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Gordon H. Chang

Headshot of Gordon H. Chang

Gordon H. Chang

Professor of American History
Olive H. Palmer Professor in Humanities
Director, Center for East Asian Studies
United States
Ph.D., Stanford University
B.A., Princeton University

I am interested in two areas of American life that are often considered separately. The historical connections between race and ethnicity in America, on the one hand, and foreign relations, on the other are in fact profound. I explore these interconnections in my teaching and scholarship. My particular area of focus is trans-Pacific relations, the inter-connections between East Asia and America.I am interested in political, social, and cultural interactions from the earliest days of America to the present.My current research project concerns the recovery and interpretation of the experiences of Chinese railroad workers in North America. Please go to for more information.

Selected Publications & Projects

Gordon H. Chang
Americans look to China with fascination and fear, unsure whether the rising Asian power is friend or foe but certain it will play a crucial role in...
Gordon H. Chang
Between 1865 and 1869, thousands of Chinese migrants toiled at a grueling pace and in perilous working conditions to help construct America’s First...
Gordon H. Chang
Mark Johnson , Paul Karlstrom, (Editors)
Asian American Art: A History, 1850-1970, ed. with Mark Johnson and Paul Karlstrom, and Foreword and essay (Stanford University Press, 2008)


Selected Journals & Book Chapters

Gordon H. Chang
“China and the Pursuit of America’s Destiny: Nineteenth-Century Imagining and Why Immigration Restriction Took So Long,” Journal of Asian American...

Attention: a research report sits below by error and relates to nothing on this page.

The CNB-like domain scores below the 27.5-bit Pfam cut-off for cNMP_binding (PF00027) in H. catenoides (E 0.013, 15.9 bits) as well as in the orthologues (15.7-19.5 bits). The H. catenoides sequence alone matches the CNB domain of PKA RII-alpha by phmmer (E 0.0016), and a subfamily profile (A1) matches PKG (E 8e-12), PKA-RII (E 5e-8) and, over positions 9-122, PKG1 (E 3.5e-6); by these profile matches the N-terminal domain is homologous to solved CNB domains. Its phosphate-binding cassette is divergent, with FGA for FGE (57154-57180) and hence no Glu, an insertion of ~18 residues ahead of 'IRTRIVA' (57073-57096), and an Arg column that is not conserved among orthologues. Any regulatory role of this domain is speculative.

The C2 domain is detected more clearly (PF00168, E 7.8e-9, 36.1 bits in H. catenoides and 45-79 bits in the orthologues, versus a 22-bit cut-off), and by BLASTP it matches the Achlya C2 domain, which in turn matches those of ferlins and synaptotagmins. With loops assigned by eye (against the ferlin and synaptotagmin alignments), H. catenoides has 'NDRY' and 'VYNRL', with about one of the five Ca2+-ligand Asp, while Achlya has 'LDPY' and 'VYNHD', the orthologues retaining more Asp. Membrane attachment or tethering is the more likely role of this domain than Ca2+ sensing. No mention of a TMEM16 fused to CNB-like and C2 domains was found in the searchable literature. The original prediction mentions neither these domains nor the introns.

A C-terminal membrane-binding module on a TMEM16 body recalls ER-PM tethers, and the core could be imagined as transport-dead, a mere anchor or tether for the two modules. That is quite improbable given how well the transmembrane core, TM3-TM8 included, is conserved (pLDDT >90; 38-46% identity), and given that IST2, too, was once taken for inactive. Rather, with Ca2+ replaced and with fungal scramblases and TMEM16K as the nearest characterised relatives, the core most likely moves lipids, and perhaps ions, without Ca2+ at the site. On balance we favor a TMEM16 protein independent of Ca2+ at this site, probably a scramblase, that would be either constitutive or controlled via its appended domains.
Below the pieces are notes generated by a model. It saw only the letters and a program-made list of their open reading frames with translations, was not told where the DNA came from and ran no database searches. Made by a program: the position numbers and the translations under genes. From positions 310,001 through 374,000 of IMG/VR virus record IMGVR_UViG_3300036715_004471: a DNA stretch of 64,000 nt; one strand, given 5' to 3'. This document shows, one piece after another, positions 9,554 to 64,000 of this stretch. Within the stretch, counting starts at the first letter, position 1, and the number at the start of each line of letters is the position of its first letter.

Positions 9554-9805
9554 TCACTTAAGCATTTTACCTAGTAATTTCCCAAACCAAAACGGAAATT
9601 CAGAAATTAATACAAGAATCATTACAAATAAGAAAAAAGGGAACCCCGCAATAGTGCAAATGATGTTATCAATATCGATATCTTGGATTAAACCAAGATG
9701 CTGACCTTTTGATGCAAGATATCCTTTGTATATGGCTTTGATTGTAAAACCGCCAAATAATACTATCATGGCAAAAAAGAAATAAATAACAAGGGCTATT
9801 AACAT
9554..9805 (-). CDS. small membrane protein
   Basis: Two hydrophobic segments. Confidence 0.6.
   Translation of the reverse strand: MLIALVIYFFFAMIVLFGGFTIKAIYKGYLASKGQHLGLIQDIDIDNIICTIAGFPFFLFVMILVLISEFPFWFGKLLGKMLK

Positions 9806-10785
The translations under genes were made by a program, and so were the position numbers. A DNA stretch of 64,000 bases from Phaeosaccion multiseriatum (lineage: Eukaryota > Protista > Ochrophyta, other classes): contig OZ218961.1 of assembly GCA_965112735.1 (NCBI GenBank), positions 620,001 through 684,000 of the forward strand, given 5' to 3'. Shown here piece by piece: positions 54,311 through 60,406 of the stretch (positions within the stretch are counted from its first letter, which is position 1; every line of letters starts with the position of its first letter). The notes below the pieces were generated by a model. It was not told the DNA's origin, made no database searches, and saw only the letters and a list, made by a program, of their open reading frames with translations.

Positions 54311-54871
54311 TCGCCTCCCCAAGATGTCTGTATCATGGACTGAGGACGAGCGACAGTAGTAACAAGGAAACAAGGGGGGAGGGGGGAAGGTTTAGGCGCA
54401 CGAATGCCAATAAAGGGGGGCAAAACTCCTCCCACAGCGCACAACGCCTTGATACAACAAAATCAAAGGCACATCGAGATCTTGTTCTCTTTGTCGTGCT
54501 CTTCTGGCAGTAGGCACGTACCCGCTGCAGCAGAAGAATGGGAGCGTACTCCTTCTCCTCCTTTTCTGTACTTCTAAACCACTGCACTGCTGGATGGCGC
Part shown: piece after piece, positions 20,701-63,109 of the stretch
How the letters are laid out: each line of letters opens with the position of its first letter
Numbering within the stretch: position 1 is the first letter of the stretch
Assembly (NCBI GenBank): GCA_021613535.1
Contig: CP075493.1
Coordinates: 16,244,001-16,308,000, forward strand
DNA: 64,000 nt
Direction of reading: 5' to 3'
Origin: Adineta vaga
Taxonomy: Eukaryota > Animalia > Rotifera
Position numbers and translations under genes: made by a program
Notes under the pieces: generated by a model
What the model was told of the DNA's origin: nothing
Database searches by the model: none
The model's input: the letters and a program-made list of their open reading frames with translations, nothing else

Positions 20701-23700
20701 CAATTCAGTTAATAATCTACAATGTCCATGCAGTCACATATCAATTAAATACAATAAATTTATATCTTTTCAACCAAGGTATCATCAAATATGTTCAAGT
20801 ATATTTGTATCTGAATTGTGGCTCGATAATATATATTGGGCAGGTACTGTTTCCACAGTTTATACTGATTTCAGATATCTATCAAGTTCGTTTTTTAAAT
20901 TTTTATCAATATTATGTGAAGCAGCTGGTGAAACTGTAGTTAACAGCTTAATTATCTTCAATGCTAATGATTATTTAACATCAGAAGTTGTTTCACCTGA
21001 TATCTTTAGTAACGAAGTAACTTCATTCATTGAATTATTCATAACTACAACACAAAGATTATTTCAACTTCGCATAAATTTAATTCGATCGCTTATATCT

Gordon H. Chang
“Chinese Art Comes to America: Zhang Shuqi and the Diplomacy of Art,” in Cynthia Mills, ed., East West Interchanges in America Art: ‘A Long and...
Gordon H. Chang
"Whose ‘Barbarism’? Whose ‘Treachery’?: Race and Civilization in the Unknown United-States-Korea War of 1871,” Journal of American History...
Gordon H. Chang
He Di
"Absence of War in the United States-China Confrontation over Quemoy and Matsu, 1954-55: Contingency, Luck, Deterrence?," with He Di, American...

More Information

Fateful Ties: The History of America’s Preoccupation with China

by Gordon H. Chang

Forthcoming (2015)

Harvard University Press

Americans look to China with fascination and fear, unsure whether the rising Asian power is friend or foe but certain it will play a crucial role in America’s future. This is nothing new, Gordon Chang says. For centuries, Americans have been convinced of China’s importance to their own national destiny. Fateful Ties draws on literature, art, biography, popular culture, and politics to trace America’s long and varied preoccupation with China.

China has held a special place in the American imagination from colonial times, when Jamestown settlers pursued a passage to the Pacific and Asia. In the eighteenth and nineteenth centuries, Americans plied a profitable trade in Chinese wares, sought Chinese laborers to build the West, and prized China’s art and decor. China was revered for its ancient culture but also drew Christian missionaries intent on saving souls in a heathen land. Its vast markets beckoned expansionists, even as its migrants were seen as a “yellow peril” that prompted the earliest immigration restrictions. A staunch ally during World War II, China was a dangerous adversary in the Cold War that followed. In the post-Mao era, Americans again embraced China as a land of inexhaustible opportunity, playing a central role in its economic rise.

Through portraits of entrepreneurs, missionaries, academics, artists, diplomats, and activists, Chang demonstrates how ideas about China have long been embedded in America’s conception of itself and its own fate. Fateful Ties provides valuable perspective on this complex international and intercultural relationship as America navigates an uncertain new era.